If you’re reading this, it’s probably because you bagged yourself a brand-new Raspberry Pi for Christmas, and you’re wondering what you should do next.
Well, look no further, for we’re here to show you the ropes. So, sit back, pull on a pair of those nice, warm socks that you found in your stocking, top up your eggnog, and let’s get started.
Do I need an operating system?
Unless your Raspberry Pi came in a kit with a preloaded SD card, you’ll need to download an operating system. Find a microSD card (you may have one lurking in an old phone) and click here to download the latest version of Raspbian, our dedicated Raspberry Pi operating system.
To get Raspbian onto the microSD card, use free online software such as Etcher. Here’s a video from The MagPi magazine to show you how to do it.
Lucy Hattersley shows you how to install Raspberry Pi operating systems such as Raspbian onto an SD card, using the excellent Etcher. For more tutorials, check out The MagPi at http://magpi.cc ! Don’t want to miss an issue? Subscribe, and get every issue delivered straight to your door.
Turn it on!
Here, this video should help:
Learn #howto set up your Raspberry Pi for the first time, from plugging in peripherals to setting up #Raspbian.
Insert your microSD card into your Raspberry Pi. The microSD card slot should be fairly easy to find, and you need to make sure that you insert it with the contact side facing the board. If you feel like you’re having to force it in, you have it the wrong way round.
Next, plug your HDMI cable into the Raspberry Pi and your chosen HDMI display. This could be a computer monitor or your home television.
If you’re using a Raspberry Pi Zero or Raspberry Pi Zero W, you’ll need a mini HDMI to HDMI cable or adapter.
If you’re using a Raspberry Pi 4, you’ll need a micro HDMI to HDMI cable or adapter.
Next, plug in any peripherals that you want to use, such as a mouse or keyboard.
Lastly, plug your power cable into your Raspberry Pi. This is any standard micro USB cable (if you have an Android phone, check your phone charger!), or a USB-C power cable if you’re using the Raspberry Pi 4.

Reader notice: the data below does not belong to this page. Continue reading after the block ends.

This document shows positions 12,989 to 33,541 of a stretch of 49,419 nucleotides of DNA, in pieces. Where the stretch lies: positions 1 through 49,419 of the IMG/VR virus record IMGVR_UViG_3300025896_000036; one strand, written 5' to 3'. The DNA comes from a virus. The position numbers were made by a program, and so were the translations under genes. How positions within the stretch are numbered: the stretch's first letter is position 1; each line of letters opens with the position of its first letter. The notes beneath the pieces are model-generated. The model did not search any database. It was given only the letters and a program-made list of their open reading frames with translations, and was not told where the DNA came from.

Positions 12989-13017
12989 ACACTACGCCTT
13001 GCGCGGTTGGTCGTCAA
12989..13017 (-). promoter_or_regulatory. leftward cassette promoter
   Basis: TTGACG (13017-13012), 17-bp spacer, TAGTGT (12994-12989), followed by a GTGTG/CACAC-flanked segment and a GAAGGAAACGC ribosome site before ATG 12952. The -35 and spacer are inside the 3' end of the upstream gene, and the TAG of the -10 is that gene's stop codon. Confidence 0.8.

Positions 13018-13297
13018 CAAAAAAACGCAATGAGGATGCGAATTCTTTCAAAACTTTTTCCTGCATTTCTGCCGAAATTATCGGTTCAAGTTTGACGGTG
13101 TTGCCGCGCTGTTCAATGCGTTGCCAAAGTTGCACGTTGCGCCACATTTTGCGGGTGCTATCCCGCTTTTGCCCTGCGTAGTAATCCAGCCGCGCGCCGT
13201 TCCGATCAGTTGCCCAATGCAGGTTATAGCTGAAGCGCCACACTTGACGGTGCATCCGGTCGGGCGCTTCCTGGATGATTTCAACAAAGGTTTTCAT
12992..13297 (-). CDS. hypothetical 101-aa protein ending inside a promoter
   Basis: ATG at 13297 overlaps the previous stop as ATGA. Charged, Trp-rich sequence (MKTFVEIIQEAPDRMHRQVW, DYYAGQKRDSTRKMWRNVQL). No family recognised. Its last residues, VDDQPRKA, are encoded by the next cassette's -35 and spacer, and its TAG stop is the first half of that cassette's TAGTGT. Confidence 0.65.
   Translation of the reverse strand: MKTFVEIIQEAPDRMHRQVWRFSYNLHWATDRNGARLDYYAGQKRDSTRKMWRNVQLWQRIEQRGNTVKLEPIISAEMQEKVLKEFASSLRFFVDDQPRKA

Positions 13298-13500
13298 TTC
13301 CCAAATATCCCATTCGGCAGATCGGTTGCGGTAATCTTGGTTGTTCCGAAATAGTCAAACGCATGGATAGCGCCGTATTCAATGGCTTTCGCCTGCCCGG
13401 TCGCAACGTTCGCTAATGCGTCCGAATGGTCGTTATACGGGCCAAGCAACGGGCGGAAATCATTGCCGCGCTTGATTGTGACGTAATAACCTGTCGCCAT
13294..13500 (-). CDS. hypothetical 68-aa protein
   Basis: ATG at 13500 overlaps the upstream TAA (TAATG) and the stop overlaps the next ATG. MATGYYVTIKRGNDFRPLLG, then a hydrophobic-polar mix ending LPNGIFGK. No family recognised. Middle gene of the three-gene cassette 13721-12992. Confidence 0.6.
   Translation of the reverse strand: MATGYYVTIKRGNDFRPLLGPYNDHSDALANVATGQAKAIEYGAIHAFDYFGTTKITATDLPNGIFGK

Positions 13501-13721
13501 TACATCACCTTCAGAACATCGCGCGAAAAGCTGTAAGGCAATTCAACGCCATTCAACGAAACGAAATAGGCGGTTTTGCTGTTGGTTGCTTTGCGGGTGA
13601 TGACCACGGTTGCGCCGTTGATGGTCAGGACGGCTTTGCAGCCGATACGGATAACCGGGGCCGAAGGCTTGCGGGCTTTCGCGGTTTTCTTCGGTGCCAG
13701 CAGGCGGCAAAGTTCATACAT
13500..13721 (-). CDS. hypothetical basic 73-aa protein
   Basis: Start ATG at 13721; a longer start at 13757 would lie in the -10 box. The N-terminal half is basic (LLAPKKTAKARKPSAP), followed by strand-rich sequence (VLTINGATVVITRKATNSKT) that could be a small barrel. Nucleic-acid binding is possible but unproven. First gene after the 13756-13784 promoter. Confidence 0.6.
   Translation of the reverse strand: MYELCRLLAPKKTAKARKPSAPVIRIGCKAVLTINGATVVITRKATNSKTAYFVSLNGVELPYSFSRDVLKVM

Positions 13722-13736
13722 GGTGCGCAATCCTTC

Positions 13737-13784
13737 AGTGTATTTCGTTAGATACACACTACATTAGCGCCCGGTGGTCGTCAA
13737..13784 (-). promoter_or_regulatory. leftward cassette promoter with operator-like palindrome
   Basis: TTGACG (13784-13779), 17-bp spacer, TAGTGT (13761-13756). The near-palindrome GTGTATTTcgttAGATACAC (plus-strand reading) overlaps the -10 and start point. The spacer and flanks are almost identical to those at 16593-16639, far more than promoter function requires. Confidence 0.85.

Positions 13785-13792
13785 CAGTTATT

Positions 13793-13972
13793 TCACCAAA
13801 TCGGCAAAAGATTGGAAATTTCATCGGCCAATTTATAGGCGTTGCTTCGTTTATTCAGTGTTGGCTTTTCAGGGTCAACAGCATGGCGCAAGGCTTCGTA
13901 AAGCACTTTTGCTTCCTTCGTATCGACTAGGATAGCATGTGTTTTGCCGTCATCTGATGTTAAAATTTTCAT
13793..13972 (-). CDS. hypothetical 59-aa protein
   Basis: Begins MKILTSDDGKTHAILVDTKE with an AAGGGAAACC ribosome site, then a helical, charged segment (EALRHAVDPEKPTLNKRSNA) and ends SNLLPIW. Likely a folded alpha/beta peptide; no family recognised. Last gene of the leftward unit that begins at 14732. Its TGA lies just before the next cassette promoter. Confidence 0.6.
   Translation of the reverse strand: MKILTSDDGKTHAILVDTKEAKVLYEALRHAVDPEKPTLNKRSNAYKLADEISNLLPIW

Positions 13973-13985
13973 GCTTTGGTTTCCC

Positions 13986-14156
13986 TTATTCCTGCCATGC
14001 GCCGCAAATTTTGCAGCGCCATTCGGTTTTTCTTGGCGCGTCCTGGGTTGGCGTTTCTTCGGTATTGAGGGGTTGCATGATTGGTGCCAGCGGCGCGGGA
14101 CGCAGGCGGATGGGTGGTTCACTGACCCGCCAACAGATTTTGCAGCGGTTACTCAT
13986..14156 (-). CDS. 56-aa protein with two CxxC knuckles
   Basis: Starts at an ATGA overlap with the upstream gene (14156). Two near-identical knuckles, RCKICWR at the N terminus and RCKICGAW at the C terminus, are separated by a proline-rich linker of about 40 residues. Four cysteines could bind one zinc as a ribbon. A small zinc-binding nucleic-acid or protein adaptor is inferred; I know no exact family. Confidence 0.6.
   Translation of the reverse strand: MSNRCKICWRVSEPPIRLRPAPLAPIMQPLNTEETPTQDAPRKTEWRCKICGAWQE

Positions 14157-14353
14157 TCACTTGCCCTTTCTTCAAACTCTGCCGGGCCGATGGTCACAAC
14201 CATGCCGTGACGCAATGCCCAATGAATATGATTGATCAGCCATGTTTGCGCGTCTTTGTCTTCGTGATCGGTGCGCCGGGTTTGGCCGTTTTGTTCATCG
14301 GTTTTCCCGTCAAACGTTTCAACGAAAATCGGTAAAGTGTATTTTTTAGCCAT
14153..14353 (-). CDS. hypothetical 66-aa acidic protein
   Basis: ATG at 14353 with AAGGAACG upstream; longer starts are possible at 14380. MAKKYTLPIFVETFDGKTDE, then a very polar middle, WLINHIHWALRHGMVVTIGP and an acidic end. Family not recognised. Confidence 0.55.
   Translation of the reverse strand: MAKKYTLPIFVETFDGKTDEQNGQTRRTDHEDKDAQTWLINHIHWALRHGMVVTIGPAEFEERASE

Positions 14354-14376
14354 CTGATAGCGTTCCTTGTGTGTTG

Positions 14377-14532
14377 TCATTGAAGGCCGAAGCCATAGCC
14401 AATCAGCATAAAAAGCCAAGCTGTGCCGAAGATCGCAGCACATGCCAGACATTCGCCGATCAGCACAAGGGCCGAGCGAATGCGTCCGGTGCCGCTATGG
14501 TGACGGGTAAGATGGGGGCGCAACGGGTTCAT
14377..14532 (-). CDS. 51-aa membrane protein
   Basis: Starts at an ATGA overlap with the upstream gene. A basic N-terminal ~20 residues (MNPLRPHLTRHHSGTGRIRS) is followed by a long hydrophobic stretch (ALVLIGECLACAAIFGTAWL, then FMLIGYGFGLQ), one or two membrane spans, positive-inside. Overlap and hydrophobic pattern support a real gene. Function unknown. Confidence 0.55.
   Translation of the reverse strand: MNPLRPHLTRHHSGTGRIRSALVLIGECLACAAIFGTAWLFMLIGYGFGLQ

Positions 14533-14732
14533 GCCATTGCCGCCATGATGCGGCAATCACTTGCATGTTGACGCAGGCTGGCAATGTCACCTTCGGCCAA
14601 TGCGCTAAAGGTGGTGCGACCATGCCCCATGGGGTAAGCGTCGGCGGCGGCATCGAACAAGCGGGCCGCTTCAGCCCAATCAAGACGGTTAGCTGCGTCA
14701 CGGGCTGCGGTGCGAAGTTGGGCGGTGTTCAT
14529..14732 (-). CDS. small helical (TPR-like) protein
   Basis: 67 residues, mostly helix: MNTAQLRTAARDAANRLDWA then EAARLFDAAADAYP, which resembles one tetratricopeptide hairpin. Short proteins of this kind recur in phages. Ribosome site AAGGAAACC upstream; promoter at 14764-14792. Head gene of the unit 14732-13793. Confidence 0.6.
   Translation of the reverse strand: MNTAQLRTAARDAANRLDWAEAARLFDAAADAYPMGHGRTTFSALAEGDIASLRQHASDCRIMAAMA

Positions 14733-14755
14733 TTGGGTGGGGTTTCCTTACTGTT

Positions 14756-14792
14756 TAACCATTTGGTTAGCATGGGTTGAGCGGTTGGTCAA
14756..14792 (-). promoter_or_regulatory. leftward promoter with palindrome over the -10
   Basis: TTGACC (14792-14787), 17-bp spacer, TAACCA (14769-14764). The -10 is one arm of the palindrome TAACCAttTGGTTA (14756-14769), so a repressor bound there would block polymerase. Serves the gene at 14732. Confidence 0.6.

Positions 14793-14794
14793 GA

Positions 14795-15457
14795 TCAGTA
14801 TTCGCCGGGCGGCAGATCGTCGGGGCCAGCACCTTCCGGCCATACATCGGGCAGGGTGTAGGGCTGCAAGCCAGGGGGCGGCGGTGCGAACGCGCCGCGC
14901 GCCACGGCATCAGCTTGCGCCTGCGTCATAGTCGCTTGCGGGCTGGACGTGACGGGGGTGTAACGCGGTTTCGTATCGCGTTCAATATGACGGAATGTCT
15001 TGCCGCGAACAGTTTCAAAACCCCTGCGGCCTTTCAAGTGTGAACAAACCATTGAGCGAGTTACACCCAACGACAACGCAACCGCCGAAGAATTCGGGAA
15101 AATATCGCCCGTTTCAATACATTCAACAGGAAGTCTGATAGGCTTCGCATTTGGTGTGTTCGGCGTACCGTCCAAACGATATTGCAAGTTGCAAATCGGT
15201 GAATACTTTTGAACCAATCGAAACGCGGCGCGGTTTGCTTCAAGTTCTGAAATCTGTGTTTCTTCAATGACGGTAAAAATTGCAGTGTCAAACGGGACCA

Most kits will come with all of the cables and adapters that you need, so look in the box first before you start rummaging around your home for spare cables.
Once the power cable is connected, your Raspberry Pi will turn on. If it doesn’t, check that your SD card is inserted correctly and your cables are pushed in fully.
Still in doubt? Here’s Sally Le Page with more:
What is a Raspberry Pi and what do you need to get started? Our ‘How to use a Raspberry Pi’ explainer will take you through the basics of your #RaspberryPi, and how you can get hands-on with Raspbian and #coding language tools such as Scratch and Mu, with our host, Dr Sally Le Page.
Once on, the Raspberry Pi will direct you through a setup process that allows you to change your password and connect to your local wireless network.
And then, you’re good to go!
Now what? Well, that depends on what you want to do with your Raspberry Pi.
Many people use their Raspberry Pi to learn how to code. If you’re new to coding, we suggest trying out a few of our easy online projects to help you understand the basics of Scratch — the drag-and-drop coding platform from MIT — and Python — a popular general-purpose programming language and the reason for the “Pi” in Raspberry Pi’s name.
Maybe you want to use your Raspberry Pi to set up control of smart devices in your home, or build a media centre for all your favourite photos and home movies. Perhaps you want to play games on your Raspberry Pi, or try out various HATs and add-ons to create fun digital making projects.
Whatever you want to do with your Raspberry Pi, the internet is full of brilliant tutorials from the Raspberry Pi Foundation and online creators.
Some places to start
From community events and magazines to online learning and space exploration – there are so many ways to get involved with the Raspberry Pi Foundation.
The Raspberry Pi community is huge, and spreads across the entire globe, bringing people together to share their love of coding, digital making, and computer education. However you use your Raspberry Pi, know that, by owning it, you’ve helped the non-profit Raspberry Pi Foundation to grow, bringing more opportunities to kids and teachers all over the world. So, from the bottom of our hearts this festive season, thank you.
We can’t wait to see what 2020 brings!
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